William Rutlish was appointed as the official embroiderer to King Charles II. In that position he became very wealthy. He bought property and land in the parish of Merton, where he lived to get away from the pressures of the City of London and the King’s Court.
William Rutlish died in 1687. He left money in his will stating that it should go to “the worthiest and most suitable objects of charity”. A Board of Trustees administered following his wishes for it to be used to help poor children, male and female, in Merton.
William Rutlish is buried in the churchyard of our local St Mary’s Church in Merton Park. Each year, current Year 7 students visit the Church for a Commemoration Day Service where the Head Boy lays a wreath on the tomb to commemorate the man whose money enabled the school to be built. A bust of William Rutlish can be seen in the Manor House.
John Innes, was appointed Chairman of the Rutlish Trustees, and agreed to use the money to set up Rutlish Science School.
A new body of Trustees was established with specific duties for the school.
Rutlish Science School was officially opened on Thursday 26 September at Rutlish Road. The school was designed to provide a “thorough, modern, practical education for boys aged between 10 and 17 years of age”.
Dr Draper was appointed the first the Headmaster.
An early photo of Dr Draper and students.
On Monday 30 September 23 boys began their first lessons. It was a fee paying school. Each student had to pay £6 a year for their education, unless they came from Merton in which case the William Rutlish charity money reduced those fees to £3.
Mr A N Disney became the second Headmaster of Rutlish Science School.
Rutlish Science School curriculum comprised: Religious Instruction, Reading and Writing, English Grammar, Composition and Literature, Geography, English, History, Arithmetic, Euclid, Algebra, Trigonometry, Mechanics, French, German, Latin, Chemistry, Heat, Light Electricity and other Physical Sciences, Vocal Music, Drawing, Shorthand, Book-keeping, Drill and other physical exercises, with rifle shooting, manual training and the use of tools.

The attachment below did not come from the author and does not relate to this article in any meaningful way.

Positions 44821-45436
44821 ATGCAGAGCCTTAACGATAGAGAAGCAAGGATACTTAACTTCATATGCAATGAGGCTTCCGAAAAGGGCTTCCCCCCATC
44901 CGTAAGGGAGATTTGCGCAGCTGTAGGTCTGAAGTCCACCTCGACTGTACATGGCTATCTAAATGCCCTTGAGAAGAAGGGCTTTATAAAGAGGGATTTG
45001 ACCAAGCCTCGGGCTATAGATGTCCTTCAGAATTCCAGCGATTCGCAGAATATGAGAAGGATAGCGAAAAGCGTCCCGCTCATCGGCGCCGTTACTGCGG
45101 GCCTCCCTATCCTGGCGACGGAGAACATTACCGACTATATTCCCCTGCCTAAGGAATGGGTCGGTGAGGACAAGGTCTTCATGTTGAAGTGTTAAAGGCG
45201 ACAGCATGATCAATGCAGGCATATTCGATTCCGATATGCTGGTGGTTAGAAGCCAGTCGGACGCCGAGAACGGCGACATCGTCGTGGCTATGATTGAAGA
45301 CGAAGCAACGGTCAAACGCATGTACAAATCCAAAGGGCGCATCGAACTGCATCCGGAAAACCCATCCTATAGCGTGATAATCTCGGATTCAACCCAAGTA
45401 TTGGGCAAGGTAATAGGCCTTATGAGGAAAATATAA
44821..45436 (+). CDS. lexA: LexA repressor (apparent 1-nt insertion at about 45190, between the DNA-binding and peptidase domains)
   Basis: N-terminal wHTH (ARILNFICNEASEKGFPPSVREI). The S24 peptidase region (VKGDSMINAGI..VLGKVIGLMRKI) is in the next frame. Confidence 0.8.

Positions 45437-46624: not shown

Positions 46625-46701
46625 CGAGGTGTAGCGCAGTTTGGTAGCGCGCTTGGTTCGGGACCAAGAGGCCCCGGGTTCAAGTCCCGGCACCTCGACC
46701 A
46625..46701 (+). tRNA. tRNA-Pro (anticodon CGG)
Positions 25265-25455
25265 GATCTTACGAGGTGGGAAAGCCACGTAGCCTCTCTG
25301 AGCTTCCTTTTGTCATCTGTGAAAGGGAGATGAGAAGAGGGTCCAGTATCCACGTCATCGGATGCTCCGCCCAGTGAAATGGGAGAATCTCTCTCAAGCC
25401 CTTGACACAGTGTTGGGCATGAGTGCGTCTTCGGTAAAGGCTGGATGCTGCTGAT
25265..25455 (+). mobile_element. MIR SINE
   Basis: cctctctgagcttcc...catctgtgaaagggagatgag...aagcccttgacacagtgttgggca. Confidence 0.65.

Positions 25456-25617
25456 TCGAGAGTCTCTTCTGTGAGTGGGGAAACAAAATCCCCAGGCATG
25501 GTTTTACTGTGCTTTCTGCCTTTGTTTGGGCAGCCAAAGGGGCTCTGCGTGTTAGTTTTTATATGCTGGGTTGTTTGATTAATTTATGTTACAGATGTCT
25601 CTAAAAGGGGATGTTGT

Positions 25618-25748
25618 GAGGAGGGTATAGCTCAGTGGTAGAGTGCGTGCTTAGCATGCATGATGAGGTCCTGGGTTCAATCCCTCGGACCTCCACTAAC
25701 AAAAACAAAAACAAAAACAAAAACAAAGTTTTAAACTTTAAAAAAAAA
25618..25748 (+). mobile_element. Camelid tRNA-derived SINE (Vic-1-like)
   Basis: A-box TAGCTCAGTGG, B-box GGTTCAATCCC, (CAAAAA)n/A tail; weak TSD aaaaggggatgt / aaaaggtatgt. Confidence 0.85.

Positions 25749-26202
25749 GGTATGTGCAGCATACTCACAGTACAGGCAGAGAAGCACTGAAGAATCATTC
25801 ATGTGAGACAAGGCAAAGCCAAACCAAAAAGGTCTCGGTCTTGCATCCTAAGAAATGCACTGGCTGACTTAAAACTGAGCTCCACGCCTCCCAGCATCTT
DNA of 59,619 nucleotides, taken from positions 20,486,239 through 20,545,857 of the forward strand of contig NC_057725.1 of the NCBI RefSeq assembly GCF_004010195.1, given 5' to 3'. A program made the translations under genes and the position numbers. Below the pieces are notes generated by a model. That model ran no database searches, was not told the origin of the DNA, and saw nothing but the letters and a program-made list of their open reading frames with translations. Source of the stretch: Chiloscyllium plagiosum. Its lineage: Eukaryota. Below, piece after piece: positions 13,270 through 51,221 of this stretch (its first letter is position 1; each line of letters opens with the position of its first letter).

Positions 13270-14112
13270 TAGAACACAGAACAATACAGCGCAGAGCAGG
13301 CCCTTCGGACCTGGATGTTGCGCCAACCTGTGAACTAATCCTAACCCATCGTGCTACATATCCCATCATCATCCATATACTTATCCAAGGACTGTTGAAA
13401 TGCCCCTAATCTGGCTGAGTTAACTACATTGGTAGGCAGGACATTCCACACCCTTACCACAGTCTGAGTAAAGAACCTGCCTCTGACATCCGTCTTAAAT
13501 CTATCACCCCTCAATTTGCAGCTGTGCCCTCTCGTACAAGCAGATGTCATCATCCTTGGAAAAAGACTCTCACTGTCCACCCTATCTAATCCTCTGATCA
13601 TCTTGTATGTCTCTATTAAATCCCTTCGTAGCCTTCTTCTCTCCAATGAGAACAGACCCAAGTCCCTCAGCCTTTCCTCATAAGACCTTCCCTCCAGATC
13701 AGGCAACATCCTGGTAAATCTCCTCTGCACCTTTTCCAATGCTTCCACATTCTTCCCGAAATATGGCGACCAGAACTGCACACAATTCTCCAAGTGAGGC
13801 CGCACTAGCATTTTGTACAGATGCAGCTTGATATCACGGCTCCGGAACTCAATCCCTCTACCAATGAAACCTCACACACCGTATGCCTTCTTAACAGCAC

John Innes died and left a financial legacy to contribute towards the Rutlish Foundation. The Manor House, where he had lived, later became part of the school. He left most of his grounds for conversion into a public park for the benefit of the residents of the parishes of Merton and Morden. In 1910 the John Innes Horticultural Institution opened, however, it moved from Merton Park in 1945 and is now located in Colney, Norfolk.
The Old Rutlishians' Association (Old Ruts) was established with grounds and clubhouse in Poplar Road. This Old Boys sports and social club linked to the school is still an active and thriving club serving the local community.
A memorial was erected in the school hall for the 96 Rutlishians gave their lives in the Great War. Their deaths had a profound effect on the boys and staff at the school. Two students, G E Gates and J H S Dimmer, were awarded the Victoria Cross for their bravery. Jack Dimmer was also awarded the Military Cross.